Asia lags in digital marketing

Companies in the region understand the importance of digital marketing, but many do not have a comprehensive roadmap or use data correctly to better engage with customers online.

SINGAPORE--Marketers in the Asia-Pacific region have high hopes for digital marketing but have not developed appropriate strategies and returns on investment (ROI) metrics to maximize its impact, which makes them lag behind other regions.

Released Tuesday, a study by Adobe Systems and the Chief Marketing Officer (CMO) Council showed that more than 90 percent of marketers in the region believed digital marketing can create a competitive advantage for their companies. Another 52 percent felt digital marketing was important in helping to create a customer-centric and responsive organization, it noted.

Its importance is felt all the way up to management levels, with 60 percent of respondents indicating they have a supportive leadership team which is receptive to piloting and testing new marketing channels and programs, the study added.

The Adobe-CMO Council survey polled 295 senior marketers from Australia, South Korea, China, India, Hong Kong, Singapore, Japan, Malaysia and Philippines. It also conducted in-depth phone interviews with another 23 marketers. Both the online survey and phone interviews took place during from April to September this year.

Poor digital strategies
However, while companies in the region understood the importance of digital marketing, they did not always execute the right strategy. In fact, 43 percent of the respondents noted that developing a connected, comprehensive digital strategy was a key constraint for their organizations.

The study also showed 35 percent of marketers use marketing data to measure the key performance index (KPI) of digital campaigns, which is a very reactive strategy according to Liz Miller, vice president of global programs and operations at the CMO Council.

Miller, who was speaking at the briefing held in conjunction with the release of the study Tuesday, said companies should be using data as a competitive differentiator to drive campaigns rather than simply as a measurement tool. This means using the data to understand customer insights and behavior, and optimize their experience with the brand, she advised.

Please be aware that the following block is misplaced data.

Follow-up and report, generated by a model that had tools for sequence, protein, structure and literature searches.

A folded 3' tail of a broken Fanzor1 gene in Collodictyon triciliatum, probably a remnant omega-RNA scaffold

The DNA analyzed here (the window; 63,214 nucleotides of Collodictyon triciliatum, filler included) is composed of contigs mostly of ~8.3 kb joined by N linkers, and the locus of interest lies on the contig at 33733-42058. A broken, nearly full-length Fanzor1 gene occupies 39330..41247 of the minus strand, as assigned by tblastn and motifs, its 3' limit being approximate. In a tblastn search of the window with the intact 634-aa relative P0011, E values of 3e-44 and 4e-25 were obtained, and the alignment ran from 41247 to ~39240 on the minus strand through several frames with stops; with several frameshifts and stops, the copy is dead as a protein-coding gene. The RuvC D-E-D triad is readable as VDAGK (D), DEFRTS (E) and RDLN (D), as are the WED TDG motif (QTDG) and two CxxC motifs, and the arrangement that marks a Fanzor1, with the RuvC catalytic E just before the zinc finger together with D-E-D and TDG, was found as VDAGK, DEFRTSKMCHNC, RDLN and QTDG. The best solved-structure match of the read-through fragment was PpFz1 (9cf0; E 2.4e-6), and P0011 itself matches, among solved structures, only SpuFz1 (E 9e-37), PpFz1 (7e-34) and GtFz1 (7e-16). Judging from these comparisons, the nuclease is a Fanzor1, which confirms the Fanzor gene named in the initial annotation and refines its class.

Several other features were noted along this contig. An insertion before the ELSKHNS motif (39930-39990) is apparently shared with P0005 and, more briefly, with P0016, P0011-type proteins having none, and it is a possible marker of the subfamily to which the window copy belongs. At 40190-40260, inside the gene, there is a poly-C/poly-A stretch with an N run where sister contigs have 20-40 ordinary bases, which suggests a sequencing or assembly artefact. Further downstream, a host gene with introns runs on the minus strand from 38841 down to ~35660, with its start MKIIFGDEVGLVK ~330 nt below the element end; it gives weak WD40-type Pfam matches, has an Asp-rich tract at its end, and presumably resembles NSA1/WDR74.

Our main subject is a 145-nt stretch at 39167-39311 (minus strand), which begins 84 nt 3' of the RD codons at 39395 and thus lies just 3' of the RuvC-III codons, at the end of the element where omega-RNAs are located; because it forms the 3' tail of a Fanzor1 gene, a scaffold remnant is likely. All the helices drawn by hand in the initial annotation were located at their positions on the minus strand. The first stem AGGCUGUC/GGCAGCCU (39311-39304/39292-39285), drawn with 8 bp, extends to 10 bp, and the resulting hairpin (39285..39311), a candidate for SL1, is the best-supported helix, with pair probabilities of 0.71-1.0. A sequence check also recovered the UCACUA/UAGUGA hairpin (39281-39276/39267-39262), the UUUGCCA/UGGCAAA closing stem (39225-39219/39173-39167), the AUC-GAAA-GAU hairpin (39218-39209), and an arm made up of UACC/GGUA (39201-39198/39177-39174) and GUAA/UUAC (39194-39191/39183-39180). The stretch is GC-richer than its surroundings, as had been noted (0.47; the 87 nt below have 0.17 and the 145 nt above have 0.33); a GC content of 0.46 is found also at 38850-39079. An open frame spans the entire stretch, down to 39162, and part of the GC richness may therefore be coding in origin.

Asian marketers are also not measuring the ROI for such campaigns appropriately , noted Mark Phibbs, senior director of marketing at Adobe Asia-Pacific. He said 53 percent still measured it using the cost-per-click method.

Phibbs said measuring cost-per-click is an "outdated" metric and marketers should be looking at more advanced yardsticks such as revenue per customer, customer lifetime value, and customer churn rates instead.

'Slow and steady' not good enough
Miller also warned companies that are still testing and exploring the use of digital marketing the "slow and steady" way of getting into the arena will not help not get ahead.

Speaking to ZDNet Asia at the event sidelines, she noted that globally according to the Adobe Digital Index survey, some 40 percent of respondents are pushing for digital marketing internally. The global findings were released separately in September this year.

By comparison, only 15 percent of marketers in Asia said their companies were looking to incorporate digital marketing strategies and this was a gap that needs to be closed, she said.

Asia-Pacific professionals are also slower to adapt to the new role of a digital marketer, Miller added.

Elaborating, she noted a digital marketer's role is more strategic and business-driven . In the past, marketing executives were usually tasked with simply "improving advertising budgets, ensuring the sales team has the right ad collaterals, and ensuring nice designs in PowerPoint slides and brochures", she noted.

Ultimately, the region as a whole needs to move faster as consumers become increasingly tech-savvy. Many already own mobile devices and are a href="">keen Internet and social media users, which makes it likely they will soon eclipse marketers and go straight to brands that are more adept at digital marketing, Miller said.